Donations fuel record C of E parish income
Posted: Tue, 17 Oct 2017
Income generated by Church of England parishes topped £1 billion for the first time in 2015.
The largest proportion of this income came from donations – one third from planned donations, and 6% from collections at services. This is despite the facts that Anglican church attendance is steadily decreasing and just 15% of people in Britain identify as Anglican.
The other sources of income included gift aid on donations, income from property holdings and grants.
Additionally, parishes have been left with a surplus of £54.4 million, the largest for a decade.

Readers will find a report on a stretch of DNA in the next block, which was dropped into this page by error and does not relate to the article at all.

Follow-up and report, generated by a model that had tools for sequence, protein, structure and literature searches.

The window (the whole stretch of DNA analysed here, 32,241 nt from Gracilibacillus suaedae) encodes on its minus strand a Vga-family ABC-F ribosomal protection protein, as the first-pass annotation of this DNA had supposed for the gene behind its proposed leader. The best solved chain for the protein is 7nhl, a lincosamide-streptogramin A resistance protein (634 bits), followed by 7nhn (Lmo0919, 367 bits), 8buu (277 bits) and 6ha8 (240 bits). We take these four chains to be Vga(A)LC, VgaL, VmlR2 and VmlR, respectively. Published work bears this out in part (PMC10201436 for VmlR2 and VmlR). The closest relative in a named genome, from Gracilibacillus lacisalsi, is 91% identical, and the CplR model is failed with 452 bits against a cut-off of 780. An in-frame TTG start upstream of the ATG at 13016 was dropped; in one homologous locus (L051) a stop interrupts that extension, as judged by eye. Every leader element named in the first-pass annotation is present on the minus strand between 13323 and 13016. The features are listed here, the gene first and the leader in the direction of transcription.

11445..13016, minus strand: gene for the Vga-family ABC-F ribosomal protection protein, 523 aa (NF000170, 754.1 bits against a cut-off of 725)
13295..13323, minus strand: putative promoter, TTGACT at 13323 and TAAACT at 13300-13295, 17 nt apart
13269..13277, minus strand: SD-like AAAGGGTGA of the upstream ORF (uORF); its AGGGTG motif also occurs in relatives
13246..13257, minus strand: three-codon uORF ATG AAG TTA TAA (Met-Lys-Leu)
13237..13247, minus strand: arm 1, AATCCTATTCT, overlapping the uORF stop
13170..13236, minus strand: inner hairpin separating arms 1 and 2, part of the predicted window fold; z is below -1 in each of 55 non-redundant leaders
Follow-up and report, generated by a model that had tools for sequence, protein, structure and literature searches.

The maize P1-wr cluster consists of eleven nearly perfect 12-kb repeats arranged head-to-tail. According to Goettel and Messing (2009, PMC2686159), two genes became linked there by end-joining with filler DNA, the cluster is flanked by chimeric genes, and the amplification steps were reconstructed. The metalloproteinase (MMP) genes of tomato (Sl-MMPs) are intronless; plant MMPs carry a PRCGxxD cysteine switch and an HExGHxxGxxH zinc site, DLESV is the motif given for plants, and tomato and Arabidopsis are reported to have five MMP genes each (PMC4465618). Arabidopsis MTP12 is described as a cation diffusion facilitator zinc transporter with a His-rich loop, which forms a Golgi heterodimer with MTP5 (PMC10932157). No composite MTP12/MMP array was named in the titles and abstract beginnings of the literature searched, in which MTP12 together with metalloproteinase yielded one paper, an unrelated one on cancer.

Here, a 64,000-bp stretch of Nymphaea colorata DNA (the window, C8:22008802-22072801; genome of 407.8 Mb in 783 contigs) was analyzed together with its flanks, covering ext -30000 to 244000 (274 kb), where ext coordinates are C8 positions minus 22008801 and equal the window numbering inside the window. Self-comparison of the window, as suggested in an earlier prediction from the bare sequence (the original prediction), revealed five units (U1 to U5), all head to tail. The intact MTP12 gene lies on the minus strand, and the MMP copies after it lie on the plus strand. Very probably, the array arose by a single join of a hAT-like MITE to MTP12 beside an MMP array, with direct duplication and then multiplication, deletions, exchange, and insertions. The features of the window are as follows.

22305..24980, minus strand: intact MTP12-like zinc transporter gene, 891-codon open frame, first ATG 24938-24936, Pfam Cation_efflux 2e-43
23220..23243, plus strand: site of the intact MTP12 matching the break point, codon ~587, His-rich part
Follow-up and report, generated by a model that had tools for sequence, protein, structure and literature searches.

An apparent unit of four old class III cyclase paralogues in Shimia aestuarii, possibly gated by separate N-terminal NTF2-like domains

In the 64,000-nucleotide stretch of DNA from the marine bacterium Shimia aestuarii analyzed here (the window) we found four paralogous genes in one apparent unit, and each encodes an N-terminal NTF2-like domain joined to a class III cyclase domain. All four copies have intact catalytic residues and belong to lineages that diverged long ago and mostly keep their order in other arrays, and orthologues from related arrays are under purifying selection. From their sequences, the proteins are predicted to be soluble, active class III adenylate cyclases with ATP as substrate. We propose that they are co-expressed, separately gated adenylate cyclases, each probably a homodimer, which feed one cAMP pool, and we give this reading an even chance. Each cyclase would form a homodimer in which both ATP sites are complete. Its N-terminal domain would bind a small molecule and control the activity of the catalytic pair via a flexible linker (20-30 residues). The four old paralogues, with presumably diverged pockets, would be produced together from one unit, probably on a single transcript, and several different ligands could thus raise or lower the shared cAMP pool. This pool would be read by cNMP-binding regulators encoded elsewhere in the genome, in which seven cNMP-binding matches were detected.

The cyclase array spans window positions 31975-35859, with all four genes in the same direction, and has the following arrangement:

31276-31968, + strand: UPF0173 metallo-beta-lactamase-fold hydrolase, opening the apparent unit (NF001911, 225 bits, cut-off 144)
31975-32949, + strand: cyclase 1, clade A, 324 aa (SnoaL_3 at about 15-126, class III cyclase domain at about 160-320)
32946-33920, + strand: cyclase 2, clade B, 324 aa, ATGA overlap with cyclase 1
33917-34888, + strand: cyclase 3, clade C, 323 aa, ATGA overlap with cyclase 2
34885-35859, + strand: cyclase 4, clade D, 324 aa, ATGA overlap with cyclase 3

Stephen Evans, the National Secular Society's campaigns director, commented: "These figures show that the Church of England is well supported by its parishioners. It's a good sign that, despite a decline in church attendance, the Church of England would be able to survive without government support, including money from taxpayers who do not use the Church's services in any way.
"It also demonstrates that, as stakeholders in the Church of England, parishioners deserve greater transparency and control over the Church's activities. At present, this is limited by the complex relationship between the Church and the government.
"Disestablishment would result in an independent church that would be in a better position to give its donors greater oversight and a greater voice on the running of their religion."
Since 2014 the Government is thought to have allocated around £221 million of public money to repairing places of worship, with the vast majority of the money going to the Church of England – despite estimated assets of over £20bn.